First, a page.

Bookmark   September 10, 2010 at 9:43PM
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When you wrote " if you have the tension of 6 awg wire versus the little bit of plastic that the screw is in, it would seem to me that the wire is going to win, especially if you used 2 awg wire.", you revealed a potential source of your trouble.

With rare exception, lugs are not designed to resist the stress imposed by an improperly dressed wire; in other words the wire should be cut and routed such that it will tend to remain in the lug before the set screw is torqued. Sometimes it is not possible to get this ideal situation, but at any rate, there should not be substantial mechanical stress on the lug after the wire is in place. I have seen people use one hand to force a wire in the lug, the other to tighten it up and then say it is good. That method is fast, but the tension imposed by large or too short wires can and will sometimes break things.

    Bookmark   September 10, 2010 at 10:31PM
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Yeah, after this happened, a friend of mine came over and he thought the 6 awg wire was bent too far and was too long placing too much pressure on the lug. He cut out about 4 inches of wire and then bent it so it rested right into the lug instead of forcing it in. The 6 awg wire had previously come into the box and went way out and then came back towards the lug, which left a lot of spring tension in the wire. When I changed to 10 awg wire and 30 amp service, I tried to avoid having very much excess wire and bent and twisted the 10 awg as much as possible to loosen it up and then bent it at just the right angle for it to rest in the lug instead of having to force it in. I remember that when I did this, there was still some tension in the wire even after working with it for a long time to try and eliminate most of this. I eventually put it in and screwed it down and tried to leave it alone.

    Bookmark   September 11, 2010 at 12:43AM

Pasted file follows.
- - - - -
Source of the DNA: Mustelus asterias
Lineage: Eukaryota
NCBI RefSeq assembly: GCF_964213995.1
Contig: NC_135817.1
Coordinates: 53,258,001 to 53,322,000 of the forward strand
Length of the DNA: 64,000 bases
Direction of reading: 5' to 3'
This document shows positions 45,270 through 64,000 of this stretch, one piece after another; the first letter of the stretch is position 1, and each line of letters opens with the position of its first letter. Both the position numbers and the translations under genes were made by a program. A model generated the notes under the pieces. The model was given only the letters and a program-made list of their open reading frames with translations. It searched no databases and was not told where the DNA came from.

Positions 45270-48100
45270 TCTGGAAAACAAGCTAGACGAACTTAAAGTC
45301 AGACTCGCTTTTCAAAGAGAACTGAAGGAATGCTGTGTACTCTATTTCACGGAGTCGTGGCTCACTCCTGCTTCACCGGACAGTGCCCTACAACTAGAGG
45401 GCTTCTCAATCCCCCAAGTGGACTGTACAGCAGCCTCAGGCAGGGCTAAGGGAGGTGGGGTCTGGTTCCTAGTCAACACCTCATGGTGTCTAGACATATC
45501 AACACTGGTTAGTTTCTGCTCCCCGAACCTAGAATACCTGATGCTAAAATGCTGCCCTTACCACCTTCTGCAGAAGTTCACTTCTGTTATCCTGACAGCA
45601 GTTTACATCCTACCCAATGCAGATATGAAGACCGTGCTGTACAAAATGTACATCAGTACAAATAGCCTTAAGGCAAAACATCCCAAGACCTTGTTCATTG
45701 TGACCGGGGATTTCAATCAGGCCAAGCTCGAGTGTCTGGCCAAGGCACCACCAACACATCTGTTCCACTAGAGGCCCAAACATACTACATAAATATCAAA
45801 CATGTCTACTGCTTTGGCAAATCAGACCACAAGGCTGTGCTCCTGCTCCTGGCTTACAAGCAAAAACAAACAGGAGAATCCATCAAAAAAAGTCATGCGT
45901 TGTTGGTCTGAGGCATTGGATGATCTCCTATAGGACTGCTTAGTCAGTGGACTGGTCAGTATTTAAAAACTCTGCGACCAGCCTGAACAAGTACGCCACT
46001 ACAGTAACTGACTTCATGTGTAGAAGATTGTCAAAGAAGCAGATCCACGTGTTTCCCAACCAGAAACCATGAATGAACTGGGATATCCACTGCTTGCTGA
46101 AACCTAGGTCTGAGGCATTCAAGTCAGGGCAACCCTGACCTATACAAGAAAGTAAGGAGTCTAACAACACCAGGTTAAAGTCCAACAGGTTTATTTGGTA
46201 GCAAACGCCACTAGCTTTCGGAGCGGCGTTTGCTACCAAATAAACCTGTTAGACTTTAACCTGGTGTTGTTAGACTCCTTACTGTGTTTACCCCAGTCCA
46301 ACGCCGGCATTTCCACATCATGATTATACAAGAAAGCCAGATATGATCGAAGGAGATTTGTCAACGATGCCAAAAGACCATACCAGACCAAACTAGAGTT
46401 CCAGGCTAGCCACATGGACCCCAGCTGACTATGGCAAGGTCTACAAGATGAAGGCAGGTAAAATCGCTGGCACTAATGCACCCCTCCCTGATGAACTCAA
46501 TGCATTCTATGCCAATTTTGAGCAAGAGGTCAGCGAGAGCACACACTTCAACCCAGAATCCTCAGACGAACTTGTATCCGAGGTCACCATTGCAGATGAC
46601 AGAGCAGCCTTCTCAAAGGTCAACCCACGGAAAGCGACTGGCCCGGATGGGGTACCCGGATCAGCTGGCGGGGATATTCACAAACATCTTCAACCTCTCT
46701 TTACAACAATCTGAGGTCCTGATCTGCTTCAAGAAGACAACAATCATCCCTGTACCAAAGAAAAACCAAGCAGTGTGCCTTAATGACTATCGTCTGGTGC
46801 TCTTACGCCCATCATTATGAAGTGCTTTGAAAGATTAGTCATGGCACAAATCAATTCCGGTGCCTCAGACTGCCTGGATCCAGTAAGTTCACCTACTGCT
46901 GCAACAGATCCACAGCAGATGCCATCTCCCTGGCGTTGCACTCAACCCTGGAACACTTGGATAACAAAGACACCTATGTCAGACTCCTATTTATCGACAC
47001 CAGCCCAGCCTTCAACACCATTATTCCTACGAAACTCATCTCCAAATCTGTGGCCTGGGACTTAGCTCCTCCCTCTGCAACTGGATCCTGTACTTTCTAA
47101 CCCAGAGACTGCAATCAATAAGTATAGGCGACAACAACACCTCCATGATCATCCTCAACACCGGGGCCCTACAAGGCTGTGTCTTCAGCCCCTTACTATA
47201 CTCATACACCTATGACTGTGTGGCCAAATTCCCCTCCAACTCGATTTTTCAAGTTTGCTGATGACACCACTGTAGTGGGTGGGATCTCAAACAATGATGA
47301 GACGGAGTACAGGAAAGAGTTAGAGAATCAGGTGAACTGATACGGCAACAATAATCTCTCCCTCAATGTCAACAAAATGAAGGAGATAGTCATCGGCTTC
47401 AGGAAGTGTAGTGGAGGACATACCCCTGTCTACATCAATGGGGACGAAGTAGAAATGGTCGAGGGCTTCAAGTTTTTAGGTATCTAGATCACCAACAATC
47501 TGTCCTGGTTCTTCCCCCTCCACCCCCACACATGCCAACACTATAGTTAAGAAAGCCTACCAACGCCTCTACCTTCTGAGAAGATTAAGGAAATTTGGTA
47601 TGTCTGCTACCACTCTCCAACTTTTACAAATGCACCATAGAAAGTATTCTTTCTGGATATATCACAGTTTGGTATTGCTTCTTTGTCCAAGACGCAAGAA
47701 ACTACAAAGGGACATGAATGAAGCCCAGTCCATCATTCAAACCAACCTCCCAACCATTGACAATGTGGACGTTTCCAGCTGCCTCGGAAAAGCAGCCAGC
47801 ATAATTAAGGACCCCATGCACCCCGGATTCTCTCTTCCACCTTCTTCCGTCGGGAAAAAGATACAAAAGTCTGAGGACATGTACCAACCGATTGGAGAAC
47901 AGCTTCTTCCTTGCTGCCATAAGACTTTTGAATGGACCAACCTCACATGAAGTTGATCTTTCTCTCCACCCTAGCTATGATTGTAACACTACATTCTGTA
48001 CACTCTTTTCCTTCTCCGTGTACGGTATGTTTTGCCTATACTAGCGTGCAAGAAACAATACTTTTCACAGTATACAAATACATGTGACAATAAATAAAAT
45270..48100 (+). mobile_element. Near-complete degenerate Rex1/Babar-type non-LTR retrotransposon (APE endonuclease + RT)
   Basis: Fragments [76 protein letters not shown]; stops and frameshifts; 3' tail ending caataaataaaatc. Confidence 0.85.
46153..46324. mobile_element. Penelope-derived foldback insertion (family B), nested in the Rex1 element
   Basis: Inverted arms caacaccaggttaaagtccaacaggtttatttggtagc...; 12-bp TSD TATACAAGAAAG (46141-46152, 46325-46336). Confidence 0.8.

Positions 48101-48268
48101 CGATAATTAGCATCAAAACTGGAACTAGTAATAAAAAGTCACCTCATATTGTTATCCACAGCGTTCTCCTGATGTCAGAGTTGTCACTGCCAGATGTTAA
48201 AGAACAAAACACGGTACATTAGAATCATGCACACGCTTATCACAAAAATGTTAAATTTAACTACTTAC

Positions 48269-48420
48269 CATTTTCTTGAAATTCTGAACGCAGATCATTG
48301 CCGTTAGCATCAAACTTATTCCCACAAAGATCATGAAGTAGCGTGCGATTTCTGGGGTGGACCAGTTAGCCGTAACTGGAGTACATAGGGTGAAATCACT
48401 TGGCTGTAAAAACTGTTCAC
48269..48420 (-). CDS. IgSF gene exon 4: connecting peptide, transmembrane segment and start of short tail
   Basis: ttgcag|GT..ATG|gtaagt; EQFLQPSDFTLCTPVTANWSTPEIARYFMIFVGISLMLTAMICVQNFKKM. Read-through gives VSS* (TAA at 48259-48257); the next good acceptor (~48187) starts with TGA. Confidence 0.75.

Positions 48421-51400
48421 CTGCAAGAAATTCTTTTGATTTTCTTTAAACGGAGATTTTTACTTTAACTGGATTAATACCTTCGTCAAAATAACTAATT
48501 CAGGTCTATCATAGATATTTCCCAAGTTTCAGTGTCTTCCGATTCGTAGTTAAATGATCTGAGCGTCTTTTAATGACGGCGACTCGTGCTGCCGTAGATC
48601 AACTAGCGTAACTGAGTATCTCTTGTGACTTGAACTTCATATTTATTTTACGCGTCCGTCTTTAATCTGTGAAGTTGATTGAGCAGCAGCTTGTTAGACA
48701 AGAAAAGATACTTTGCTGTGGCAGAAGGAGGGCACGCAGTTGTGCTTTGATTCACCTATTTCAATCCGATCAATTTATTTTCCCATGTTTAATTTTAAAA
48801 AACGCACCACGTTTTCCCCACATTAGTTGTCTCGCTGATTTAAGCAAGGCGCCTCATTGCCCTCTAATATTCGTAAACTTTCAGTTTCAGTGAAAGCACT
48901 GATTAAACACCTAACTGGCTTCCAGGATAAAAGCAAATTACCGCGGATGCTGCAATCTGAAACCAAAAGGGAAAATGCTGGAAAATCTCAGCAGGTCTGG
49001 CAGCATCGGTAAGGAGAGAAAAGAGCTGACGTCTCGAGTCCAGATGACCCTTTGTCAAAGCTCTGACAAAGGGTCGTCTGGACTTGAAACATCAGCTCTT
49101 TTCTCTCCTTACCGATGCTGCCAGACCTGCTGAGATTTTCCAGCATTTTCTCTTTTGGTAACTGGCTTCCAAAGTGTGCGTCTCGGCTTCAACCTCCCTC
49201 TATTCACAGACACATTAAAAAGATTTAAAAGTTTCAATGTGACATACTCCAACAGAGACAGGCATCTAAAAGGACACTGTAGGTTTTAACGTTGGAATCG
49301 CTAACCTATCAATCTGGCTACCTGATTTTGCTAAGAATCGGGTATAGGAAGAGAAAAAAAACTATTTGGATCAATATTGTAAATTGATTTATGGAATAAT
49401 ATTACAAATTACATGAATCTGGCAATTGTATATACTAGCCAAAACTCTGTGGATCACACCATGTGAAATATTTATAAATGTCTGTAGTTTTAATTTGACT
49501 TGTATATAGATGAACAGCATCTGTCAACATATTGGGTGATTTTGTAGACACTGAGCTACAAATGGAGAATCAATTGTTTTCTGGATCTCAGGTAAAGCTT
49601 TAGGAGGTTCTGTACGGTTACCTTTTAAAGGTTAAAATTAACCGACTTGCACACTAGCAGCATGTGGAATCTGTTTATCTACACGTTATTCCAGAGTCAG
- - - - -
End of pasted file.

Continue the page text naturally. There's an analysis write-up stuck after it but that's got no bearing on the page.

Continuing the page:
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Can home line sub panels be used commercially?

    Bookmark   April 10, 2011 at 1:28AM
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Ron Natalie

Sure. However, they lack some features you might need in a commercial installation (such was a 3 phase version).

    Bookmark   April 10, 2011 at 8:46AM
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"I don't have a torque screwdriver and from what I understand, 95% of electricians don't use them either."

Use a torque wrench (inch-pound) with an adapter to 1/4 inch hex bits (this is a pretty standard size for 'screwdriver tips').
As long as you do not do anything to increase the lever arm a torque wrench works just fine, and are easier to find.

You can stack up all the sockets and adapters you need.

Most of the torques for electrical connections are surprisingly high.

You are trying to make a gas tight connection for long term reliability and resistance to corrosion.

Using a torque wrench makes getting the required torque a little easier than a screwdriver.

    Bookmark   April 10, 2011 at 9:57AM
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Wiha makes a complete line of small torque wrenches. Insulated models will be available next month.

A friend of mine told me of a study done on the ability of people to measure torques without a torque wrench. People who had assembled modern furniture were the test subjects. With one exception, every person was over or under by more than 50%. The exception was a man who overhauled small internal combustion engines as a hobby.

If an electrical device has a torque specified in the instructions, and the proper torque is not used, any UL approval is void.

Here is a link that might be useful: Wiha torque wrenches.

    Bookmark   April 11, 2011 at 7:19AM
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"...any UL approval is void."

It is not NEC compliant if you do not follow the manufactures instructions.

    Bookmark   April 12, 2011 at 1:17PM
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"Insulated models will be available next month. "

Who the hell plans on torquing hot fasteners?

It take a lot more than just an insulated tool.

    Bookmark   April 12, 2011 at 1:18PM
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Ron Natalie

It take a lot more than just an insulated tool.
I've been called an insulated tool on more than one occasion :)

The torquing doesn't scare me as much as trying to cut, strip, bend, and insert into the lugs that feeder cable while it's hot.

    Bookmark   April 12, 2011 at 6:29PM
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Hopefully the idea is that you could check the torque of an energized connection that is already made.

Aluminum tends to come flow enough that it can often use an additional check after a few thermal cycles, even in completely enclosed mechanical lugs.

The bigger issue is making sure the insulation on any tool is still adequate.
Gloves and such have the same problem, but at least are supposed to get tested.

What voltage rating is the tool insulation specified for?

How is its reliability to be determined after it gets a few nicks from use?

    Bookmark   April 13, 2011 at 9:38AM
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The specs for the Wiha insulated torque wrenches:

Here is a link that might be useful: Insulated TorqueVario-S Series

    Bookmark   April 13, 2011 at 11:56PM